A typical rate in North America is 1.5%, but no one (in business) ever pays it. And you might as well consider it uncollectible - how are you going to sue someone to enforce payment of the tiny amount it represents?

...

45 to 60 days is actually pretty typical for business collections. I will tell clients my terms are net 30 days but I tolerate 45. In fact I won't get too excited if they pay within 60 days. At 60 days, however, I tend to put my foot down.

Better is to do due diligence on a client before starting work, to see if they have a history of timely payment.


Agreed; this is also my approach. Enforcement is an issue, it seems more hassle than it's worth, and I will also tolerate 45 days, although I'm not too happy about that. And obviously due diligence is a must; prevention is key.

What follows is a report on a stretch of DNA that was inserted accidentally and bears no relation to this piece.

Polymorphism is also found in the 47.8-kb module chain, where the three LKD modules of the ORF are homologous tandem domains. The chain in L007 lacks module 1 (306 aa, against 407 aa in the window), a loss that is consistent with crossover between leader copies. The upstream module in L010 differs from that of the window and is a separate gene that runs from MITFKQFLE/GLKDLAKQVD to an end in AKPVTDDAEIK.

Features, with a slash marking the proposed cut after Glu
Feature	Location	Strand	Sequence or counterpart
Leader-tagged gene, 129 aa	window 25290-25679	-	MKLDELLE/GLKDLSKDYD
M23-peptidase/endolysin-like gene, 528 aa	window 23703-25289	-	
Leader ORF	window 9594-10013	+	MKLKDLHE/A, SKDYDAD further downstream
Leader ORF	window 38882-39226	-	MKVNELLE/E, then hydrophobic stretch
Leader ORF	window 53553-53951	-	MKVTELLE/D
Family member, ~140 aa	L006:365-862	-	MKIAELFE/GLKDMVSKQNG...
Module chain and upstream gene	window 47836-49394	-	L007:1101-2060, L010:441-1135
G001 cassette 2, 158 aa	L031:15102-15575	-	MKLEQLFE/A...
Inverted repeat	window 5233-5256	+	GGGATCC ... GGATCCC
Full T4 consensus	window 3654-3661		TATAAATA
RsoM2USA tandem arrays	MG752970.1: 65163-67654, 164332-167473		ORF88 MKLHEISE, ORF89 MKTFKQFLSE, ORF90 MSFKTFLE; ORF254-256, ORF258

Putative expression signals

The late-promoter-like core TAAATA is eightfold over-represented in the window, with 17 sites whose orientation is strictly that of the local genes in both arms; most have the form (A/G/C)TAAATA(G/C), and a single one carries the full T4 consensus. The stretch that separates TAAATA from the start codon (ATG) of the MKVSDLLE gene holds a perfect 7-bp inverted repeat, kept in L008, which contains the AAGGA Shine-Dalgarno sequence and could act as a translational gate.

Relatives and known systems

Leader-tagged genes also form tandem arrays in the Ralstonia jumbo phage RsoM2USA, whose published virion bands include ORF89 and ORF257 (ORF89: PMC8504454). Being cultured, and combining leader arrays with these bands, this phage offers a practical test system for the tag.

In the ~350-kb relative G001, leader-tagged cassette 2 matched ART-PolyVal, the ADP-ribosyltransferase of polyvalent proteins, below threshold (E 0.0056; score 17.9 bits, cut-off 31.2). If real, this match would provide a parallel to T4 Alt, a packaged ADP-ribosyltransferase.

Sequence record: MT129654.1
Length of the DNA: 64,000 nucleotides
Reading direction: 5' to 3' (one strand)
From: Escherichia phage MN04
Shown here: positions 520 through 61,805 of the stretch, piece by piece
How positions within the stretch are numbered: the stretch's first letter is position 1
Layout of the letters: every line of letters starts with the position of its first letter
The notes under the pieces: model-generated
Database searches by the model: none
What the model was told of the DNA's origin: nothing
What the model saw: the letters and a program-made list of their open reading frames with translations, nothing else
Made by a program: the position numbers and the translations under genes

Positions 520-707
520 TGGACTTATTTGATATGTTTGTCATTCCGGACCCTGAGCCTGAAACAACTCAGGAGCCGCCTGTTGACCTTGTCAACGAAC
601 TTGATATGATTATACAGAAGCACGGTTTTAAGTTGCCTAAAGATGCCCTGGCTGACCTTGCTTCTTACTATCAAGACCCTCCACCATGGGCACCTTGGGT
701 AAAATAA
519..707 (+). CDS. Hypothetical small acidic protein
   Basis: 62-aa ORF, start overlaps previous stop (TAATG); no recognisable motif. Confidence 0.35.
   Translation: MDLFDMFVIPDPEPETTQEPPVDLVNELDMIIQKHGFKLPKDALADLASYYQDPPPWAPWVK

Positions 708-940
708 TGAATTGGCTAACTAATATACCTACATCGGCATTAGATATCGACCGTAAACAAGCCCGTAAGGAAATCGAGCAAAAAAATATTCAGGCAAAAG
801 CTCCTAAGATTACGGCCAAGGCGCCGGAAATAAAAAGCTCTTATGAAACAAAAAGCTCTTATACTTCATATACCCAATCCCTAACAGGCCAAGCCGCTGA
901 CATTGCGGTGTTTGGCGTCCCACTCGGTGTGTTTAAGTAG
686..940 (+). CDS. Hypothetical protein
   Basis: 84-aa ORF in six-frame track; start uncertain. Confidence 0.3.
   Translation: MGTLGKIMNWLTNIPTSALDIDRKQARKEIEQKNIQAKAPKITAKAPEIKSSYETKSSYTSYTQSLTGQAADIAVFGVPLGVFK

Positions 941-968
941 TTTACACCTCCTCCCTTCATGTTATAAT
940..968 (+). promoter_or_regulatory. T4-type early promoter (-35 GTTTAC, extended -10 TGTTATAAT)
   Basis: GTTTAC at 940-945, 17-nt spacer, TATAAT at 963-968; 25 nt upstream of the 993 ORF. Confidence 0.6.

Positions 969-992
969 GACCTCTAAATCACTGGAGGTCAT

If I do have a potential non-payer (which does not happen too often), I will send a "friendly reminder" after the invoice is about 7 days overdue, with a request for information on when the invoice will be paid, and then after another week's grace period, I will email, and then call, and then keep calling until they realise that if they don't agree to a specific date on which the amount will be paid, or if they don't pay, they will not get rid of me. This approach has never failed me in the past. If all else fails, I do have insurance for non-payers as a backup. As yet I have not needed to make a claim, though.

Once a late payer has paid, I take it on a case by case basis as to whether or not to continue accepting job requests from them.

[Edited at 2016-06-03 06:46 GMT]


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Does anyone charge a late payment fee? If so, what is the percentage rate for US?